Language has the amount of power that people allow it to have. For many people what others say about them plays a bigger role in determining how much self-worth they have than the things that they think about themselves. In society today, “the need for acceptance—and the fear that we won’t be accepted—remain powerful influences on our thoughts and feelings” (Formica). To be seen as popular nowadays, you are supposed to keep up with the trends, good or bad, and if you do not you are seen by your peers as an outcast. Whether or not you are accepted by people you are surrounded with can play a positive or negative role in the way that you view yourself. The words that others say to you can stick with you for a lifetime, especially the deprecating ones.
Many people receive hundreds of compliments in their lifetime, but rather than focusing on those, many people focus on the one mean thing that someone said to them, even if it was said to them years ago. A professor of business administration and director of research at Harvard Business School, Teresa M. Amabile, did an experiment where “she asked 238 professionals working on 26 different creative projects from different companies and industries to fill out confidential daily diaries over a number of months.” They answered questions and each day they had to say one thing that stood out to them during the day. The results ended up being that there were positive and negative events that stood out to them during the days that the experiment was executed over. The positive event that stood out “was making progress on meaningful work”, while the negative event that stood out was a setback at work that made the employee feel blocked from making progress. Amabile “found that the negative effect of a setback at work on happiness was more than twice as strong as the positive effect of an event that signaled progress” (Tugend). The setbacks more greatly negatively affected the professionals happiness than the progress that they were making at work positively affected it, just as the rude and demeaning things that someone hears about themselves can more negatively impact their feelings about themselves than the kind and uplifting words that they hear can positively impact them.
Language can either lift someone up or bring someone down. Many times what somebody says is based off of how they feel on the inside. Normally language that is used to bring another down is caused by internal issues from the person it came from. Someone who is insecure would most likely point out someone else’s flaws to make themselves feel better about their own insecurities because, “people who feel inferior will often puff themselves up on a pedestal to alleviate their own sense of weakness” (Whitbourne). On the other hand, language that is used to lift another up is normally used by someone who is secure in who they are as a person and sees the best in others instead of their flaws. Although people are still going to hear things about themselves that make them feel less than, if more people use uplifting words when talking to others, the amount of times that people hear rude things directed towards them can be lessened and they can start to focus more on the positivity that they are receiving instead of the negativity.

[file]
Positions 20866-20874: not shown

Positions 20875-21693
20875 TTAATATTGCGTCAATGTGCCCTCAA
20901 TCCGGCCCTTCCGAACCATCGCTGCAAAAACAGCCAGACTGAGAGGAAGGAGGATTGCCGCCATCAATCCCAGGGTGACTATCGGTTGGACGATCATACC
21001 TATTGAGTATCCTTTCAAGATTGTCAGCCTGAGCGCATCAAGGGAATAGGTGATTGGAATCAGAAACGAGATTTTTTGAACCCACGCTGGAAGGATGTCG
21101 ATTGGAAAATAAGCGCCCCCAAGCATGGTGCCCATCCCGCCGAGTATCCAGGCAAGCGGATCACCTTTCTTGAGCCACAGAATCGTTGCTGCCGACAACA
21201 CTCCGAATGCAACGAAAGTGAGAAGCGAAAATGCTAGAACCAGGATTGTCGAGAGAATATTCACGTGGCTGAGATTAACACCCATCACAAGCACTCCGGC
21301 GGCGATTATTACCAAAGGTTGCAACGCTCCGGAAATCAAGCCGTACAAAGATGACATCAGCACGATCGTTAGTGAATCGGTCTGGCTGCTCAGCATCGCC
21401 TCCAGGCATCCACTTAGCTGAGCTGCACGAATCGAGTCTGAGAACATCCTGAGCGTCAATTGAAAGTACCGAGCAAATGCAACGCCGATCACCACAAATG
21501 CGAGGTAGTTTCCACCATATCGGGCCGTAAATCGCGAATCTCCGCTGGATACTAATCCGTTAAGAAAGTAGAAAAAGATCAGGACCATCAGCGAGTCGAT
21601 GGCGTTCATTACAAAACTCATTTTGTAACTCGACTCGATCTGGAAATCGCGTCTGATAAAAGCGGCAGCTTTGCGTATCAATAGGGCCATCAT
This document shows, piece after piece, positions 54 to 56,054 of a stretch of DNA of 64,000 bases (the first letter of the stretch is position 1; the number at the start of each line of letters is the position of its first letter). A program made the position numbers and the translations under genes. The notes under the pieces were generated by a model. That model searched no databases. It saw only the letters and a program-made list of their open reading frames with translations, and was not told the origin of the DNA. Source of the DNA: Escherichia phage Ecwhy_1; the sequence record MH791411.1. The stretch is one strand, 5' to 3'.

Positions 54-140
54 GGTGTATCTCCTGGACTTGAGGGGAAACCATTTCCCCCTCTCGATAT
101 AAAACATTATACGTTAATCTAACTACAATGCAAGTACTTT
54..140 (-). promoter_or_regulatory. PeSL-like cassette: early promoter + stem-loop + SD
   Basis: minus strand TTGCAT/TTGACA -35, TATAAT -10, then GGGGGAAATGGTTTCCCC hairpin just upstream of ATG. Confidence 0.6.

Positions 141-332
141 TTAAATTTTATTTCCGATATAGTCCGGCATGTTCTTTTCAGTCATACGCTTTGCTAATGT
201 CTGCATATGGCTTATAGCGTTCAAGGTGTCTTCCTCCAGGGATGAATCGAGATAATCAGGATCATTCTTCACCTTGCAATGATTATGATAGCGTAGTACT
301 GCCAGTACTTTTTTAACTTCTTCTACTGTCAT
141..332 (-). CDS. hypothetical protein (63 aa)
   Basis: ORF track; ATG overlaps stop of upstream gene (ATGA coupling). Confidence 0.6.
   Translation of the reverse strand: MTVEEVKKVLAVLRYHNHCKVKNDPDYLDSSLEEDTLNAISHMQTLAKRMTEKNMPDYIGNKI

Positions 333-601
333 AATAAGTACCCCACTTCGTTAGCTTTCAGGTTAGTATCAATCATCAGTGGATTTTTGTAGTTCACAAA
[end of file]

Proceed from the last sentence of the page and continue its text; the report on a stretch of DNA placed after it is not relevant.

Formica, Michael J. “Why We Care About What Other People Think of Us.” Psychology Today, Sussex Publishers, 31 Dec. 2014, www.psychologytoday.com/us/blog/enlightened-living/201412/why-e-care-about-what-other-people-think-us.
Tugend, Alina. Praise Is Fleeting, but Brickbats We Recall. 23 Mar. 2012, www.nytimes.com/2012/03/24/your-money/why-people-remember-negative-vents-more-than-positive-ones.html.
Whitbourne, Susan Krauss. “7 Things Insecure People Do to Try to Seem Important.” Psychology Today, Sussex Publishers, 18 Nov. 2017, www.psychologytoday.com/us/blog/fulfillment-any-age/201711/7-things-insecure-people-do-try-seem-important.Tags: language RHS